And then there are the things I have played around with but don't fully (or even slightly) understand, like the Outfit Designer, or Space Missions or my Starship. Also I have no idea how far along in my Class Story I am: the Chapter tab only goes to expansion content as far as I can see.

When I hit 50 in Rift or 80 in Guild Wars 2 for the first time, neither of which took an awful lot longer than this has, I felt I had a much better grasp of what I was doing than I do in TOR. Whether that's the accelerated leveling speed (two weeks is still fast, even if I thought it would be faster) or the compexity of a mature MMORPG as compared to one that's just launched I'm not sure. Both, probably.

Not really knowing what I'm doing isn't hurting my enjoyment, though. If anything it's adding to it. I'm keen to carry on and dig deeper. I haven't quite decided whether to crack on with my Smuggler, finish her Class story and explore the rest of the core planets or to roll someone new and start over.

Probably both, I'd guess. Fun times ahead!


  1. I continue to be positively surprised by how much fun you're having. :) Honestly, a couple of years ago I would have bet real money on you not liking the game very much once you tried it! I guess time may have helped though - when you treat it like a new game in 2019, discovering that it plays like an old-school MMORPG can seem like a (pleasant) surprise, but it probably wouldn't have felt the same back in 2011.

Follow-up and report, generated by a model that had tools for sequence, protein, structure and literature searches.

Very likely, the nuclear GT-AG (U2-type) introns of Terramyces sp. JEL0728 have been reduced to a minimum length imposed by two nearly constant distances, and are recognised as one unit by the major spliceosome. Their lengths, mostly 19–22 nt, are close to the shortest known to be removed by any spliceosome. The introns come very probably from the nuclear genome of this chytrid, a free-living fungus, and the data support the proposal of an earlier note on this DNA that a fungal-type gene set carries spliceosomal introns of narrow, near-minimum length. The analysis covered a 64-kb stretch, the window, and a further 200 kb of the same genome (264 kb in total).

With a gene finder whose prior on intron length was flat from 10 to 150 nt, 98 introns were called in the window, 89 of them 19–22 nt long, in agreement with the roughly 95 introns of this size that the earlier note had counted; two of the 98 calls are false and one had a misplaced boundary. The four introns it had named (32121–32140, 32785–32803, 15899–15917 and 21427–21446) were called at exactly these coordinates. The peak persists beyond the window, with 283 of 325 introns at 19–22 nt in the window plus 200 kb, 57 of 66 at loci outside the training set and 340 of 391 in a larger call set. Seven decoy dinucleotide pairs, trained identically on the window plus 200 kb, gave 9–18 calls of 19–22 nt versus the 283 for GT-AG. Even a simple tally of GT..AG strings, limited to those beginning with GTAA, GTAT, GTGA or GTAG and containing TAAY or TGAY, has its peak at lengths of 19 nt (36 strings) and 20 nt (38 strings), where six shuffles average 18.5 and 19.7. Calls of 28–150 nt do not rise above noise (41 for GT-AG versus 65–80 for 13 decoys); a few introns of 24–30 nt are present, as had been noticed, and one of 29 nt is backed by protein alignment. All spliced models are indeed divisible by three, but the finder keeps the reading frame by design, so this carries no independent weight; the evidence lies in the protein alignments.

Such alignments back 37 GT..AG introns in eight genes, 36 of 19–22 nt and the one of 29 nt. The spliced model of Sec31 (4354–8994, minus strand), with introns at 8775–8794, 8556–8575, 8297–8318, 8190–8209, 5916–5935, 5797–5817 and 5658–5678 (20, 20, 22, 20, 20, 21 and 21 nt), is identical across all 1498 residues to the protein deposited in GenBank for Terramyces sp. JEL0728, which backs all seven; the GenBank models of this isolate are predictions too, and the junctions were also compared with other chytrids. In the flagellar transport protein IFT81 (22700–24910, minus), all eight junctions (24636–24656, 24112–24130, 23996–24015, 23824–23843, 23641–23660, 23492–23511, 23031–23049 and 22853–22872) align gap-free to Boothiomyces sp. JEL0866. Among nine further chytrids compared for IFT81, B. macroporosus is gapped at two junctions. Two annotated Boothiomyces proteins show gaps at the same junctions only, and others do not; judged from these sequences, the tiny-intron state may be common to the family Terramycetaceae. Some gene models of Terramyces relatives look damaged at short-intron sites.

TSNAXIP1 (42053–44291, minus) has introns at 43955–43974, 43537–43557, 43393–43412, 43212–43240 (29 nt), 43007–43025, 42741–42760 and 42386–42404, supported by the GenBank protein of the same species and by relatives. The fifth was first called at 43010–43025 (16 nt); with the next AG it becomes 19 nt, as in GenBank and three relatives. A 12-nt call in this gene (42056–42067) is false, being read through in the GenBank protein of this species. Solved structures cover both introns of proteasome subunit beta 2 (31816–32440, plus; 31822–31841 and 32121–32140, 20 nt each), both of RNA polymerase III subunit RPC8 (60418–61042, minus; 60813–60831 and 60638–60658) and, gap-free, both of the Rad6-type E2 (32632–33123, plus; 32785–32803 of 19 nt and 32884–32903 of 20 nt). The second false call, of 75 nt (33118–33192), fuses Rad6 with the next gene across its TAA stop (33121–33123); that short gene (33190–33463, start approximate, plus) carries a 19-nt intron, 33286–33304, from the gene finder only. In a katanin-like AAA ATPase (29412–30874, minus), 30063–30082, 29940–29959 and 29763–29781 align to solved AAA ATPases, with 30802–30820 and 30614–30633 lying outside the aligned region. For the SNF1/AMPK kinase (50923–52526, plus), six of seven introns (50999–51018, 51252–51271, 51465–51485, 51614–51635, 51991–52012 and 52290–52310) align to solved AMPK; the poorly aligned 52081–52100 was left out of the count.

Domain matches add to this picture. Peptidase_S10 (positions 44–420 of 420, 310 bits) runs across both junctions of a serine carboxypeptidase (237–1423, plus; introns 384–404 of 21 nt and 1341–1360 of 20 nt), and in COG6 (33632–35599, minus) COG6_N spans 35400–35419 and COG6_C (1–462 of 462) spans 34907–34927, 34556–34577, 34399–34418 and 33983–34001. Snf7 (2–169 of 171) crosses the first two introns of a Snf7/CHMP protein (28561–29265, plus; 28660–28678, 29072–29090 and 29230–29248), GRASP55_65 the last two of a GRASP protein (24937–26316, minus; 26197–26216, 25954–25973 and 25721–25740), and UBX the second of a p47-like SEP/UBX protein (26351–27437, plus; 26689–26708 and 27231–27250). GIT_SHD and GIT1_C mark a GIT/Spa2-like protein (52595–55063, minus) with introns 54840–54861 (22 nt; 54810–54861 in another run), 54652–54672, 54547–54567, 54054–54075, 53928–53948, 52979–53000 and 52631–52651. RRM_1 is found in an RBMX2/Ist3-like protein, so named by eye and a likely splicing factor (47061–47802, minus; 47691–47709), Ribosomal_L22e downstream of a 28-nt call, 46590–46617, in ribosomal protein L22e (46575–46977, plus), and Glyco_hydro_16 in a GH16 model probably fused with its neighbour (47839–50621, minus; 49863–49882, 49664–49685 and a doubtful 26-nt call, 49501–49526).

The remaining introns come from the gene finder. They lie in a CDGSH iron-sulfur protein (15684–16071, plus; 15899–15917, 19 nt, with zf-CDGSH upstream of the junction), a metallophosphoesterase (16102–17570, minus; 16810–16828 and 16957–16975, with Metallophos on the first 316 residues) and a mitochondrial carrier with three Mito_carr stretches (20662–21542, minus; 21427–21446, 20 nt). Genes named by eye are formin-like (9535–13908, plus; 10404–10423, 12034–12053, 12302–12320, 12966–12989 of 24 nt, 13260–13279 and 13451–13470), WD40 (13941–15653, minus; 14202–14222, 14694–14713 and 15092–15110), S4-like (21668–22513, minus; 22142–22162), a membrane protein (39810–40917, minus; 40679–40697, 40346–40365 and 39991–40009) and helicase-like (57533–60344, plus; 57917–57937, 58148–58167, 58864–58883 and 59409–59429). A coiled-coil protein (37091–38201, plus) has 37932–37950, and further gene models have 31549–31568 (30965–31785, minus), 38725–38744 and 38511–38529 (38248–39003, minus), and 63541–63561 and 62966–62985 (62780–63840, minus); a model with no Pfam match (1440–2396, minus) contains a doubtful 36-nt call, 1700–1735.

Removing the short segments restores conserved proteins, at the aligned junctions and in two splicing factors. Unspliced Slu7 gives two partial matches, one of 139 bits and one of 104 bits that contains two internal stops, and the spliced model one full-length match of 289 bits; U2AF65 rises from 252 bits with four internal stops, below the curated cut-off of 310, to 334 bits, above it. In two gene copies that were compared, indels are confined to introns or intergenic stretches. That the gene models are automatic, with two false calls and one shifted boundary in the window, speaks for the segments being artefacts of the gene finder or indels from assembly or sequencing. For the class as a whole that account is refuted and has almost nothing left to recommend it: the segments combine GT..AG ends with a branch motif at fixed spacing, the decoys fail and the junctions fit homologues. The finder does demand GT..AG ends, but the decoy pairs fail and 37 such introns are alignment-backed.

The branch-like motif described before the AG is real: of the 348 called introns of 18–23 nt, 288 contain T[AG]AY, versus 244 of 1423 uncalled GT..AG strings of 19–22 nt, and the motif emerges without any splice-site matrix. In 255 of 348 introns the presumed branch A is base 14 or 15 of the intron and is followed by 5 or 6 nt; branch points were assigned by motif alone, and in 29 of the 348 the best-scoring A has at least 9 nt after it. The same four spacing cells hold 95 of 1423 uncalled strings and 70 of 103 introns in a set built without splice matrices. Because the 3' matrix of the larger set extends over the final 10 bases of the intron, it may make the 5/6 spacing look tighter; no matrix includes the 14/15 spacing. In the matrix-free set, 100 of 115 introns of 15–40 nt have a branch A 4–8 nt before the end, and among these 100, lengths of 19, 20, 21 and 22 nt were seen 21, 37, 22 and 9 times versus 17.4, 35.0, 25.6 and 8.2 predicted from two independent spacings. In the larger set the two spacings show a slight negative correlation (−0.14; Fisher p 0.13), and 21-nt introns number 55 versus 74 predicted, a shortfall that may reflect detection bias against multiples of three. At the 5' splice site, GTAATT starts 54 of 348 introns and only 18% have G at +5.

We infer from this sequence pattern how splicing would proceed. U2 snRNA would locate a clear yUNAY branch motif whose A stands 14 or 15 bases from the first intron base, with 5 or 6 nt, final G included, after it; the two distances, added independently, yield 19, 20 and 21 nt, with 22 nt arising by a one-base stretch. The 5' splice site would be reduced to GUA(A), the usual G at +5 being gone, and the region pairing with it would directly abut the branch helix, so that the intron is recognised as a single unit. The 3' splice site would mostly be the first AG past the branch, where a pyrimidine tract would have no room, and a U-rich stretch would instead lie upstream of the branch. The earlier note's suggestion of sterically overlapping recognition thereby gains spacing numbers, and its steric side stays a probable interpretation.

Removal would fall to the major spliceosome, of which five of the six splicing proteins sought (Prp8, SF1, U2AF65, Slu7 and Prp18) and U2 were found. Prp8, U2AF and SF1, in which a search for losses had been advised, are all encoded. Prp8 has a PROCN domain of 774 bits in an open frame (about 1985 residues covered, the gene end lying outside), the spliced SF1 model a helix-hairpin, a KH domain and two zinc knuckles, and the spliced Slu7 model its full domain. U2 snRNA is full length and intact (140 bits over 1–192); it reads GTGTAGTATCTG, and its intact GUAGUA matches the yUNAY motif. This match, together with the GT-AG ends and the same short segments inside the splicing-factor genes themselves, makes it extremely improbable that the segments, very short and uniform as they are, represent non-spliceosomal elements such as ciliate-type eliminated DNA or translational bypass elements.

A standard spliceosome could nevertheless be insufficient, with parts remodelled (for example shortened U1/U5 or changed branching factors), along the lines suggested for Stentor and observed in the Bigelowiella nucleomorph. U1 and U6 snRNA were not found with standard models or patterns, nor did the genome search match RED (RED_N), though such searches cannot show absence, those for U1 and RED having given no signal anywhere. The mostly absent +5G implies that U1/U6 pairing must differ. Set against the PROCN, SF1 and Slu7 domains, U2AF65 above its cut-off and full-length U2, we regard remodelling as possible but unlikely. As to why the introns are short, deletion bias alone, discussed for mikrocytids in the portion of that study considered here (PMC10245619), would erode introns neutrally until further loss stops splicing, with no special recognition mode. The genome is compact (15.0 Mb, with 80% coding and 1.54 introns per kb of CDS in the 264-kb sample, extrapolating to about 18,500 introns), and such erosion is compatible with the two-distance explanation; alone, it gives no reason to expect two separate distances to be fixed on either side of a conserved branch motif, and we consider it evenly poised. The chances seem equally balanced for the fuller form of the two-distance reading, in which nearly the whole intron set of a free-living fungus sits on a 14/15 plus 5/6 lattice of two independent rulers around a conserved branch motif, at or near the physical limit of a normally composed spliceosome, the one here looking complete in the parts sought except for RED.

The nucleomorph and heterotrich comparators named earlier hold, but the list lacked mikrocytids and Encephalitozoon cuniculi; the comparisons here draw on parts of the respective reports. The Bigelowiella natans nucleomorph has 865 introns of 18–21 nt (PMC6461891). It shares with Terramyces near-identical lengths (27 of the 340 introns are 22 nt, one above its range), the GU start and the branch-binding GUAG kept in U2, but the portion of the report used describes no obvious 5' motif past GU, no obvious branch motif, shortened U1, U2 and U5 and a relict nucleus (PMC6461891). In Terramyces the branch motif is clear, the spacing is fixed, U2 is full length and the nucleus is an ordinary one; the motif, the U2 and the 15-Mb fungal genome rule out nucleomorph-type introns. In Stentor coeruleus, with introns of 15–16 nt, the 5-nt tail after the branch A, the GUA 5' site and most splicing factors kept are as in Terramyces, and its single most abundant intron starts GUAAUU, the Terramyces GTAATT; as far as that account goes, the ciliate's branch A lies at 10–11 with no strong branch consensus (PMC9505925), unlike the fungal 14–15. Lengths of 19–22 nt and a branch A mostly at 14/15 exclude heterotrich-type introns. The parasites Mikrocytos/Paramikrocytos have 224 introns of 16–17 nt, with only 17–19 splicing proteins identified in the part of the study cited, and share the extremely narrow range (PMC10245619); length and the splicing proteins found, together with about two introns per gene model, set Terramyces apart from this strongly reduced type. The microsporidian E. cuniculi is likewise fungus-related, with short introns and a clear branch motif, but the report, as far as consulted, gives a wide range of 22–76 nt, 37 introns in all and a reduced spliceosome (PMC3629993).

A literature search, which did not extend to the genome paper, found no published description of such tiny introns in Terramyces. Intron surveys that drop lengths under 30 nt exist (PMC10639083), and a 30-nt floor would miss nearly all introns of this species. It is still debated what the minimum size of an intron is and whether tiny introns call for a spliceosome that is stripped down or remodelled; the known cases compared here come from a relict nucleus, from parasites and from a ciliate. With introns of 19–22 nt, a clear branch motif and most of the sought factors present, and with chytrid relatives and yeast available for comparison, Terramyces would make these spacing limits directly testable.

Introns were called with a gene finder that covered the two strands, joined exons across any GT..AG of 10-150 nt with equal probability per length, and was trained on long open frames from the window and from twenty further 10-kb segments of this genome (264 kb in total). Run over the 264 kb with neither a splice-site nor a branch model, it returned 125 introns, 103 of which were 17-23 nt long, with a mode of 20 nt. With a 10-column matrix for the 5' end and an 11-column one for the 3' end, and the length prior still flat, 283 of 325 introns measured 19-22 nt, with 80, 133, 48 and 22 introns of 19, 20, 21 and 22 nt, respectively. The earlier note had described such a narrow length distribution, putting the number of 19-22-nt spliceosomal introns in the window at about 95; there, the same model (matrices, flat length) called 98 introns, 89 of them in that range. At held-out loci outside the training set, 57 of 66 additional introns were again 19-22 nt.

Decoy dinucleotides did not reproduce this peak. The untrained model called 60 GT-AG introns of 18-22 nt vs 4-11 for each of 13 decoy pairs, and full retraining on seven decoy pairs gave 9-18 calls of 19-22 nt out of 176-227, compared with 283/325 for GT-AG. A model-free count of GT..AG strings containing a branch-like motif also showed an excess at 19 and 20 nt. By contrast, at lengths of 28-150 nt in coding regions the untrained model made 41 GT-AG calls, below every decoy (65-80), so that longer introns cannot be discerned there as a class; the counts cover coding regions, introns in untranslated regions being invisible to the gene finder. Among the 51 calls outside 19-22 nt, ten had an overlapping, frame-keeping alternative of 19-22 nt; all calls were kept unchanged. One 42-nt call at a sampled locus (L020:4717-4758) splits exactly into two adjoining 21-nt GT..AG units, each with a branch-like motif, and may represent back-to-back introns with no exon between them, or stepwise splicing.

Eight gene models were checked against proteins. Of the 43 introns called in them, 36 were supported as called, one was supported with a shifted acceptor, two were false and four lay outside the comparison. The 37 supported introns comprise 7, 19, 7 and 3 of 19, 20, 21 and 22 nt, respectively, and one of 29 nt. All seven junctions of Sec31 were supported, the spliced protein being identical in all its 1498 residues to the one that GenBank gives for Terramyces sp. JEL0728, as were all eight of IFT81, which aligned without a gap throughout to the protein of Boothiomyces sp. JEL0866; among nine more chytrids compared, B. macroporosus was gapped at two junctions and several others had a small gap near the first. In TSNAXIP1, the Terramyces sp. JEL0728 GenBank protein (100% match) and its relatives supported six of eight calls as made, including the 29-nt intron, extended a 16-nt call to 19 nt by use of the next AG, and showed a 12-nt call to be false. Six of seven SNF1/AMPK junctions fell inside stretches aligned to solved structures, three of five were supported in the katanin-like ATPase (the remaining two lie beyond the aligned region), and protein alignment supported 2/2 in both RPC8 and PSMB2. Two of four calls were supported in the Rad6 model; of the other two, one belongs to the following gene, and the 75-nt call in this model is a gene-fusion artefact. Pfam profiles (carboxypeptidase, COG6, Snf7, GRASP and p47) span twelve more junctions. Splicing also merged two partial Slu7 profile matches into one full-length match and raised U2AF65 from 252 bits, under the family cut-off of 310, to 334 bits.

I find it interesting that you seem to be enjoying heroics so much. A lot of people like them, but I'm pretty down on them because they used to be group content, and I'm forever reminded of how much I used to enjoy them in their original state and it makes me grumpy.

    Also, it tickles me that you haven't even chosen a discipline yet - they are what other MMOs commonly call specialisations or talent trees (though in SWTOR there are no trees anymore, they are just one winding line). If you're thinking about trying out PvP or any group content, I do recommend picking one before you go. ;)

    1. I think you've hit the nail on the head. What was the last new-to-me old-school, AAA Western-designed MMORPG I played? It was probably WildStar, which launched in 2014 but I didn't play until it went F2P a year later. And I never really got on with WildStar, which I found too abrasive. Also it had dodging, which true old-school MMORPGs don't, not that I mind dodging.

      TOR does feel like stepping back in time and with the exceptionally easy combat it also feels like an MMORPG I'm already up to speed with, even though I am patently not. Makes for very relaxing gameplay, which suits me fine.

      As for Disciplines, after I wrote the post I went and read some guides for an hour. Mostly I learned that a) for the content I'm doing it makes no difference what Discipline I take and b) I should probably have taken Gunslinger not Scoundrel in the first place, since what I really like are AoE classes. In the end I took Ruffian and it's working fine for me so far.

  2. I picked a discipline after someone assured me you can apparently change it. I chose Sawbones. It hasn't added a ton of new skills. There's a lot of passives in that skill tree. I have 2 hotbars of "in-combat" skills then a couple with stuff like Fast Travel, Jump on Speeder, Recuperate... y'know, the 'no stress' stuff.

    1. Yes, as far as I can see you can change Discipline at will if you're a subscriber and for a cost if you're not. Which might be how Rift works these days, now I come to think of it. I liked the look of Sawbones but I thought it would probably not be ideal for soloing so I went with Ruffian because of the AoEs.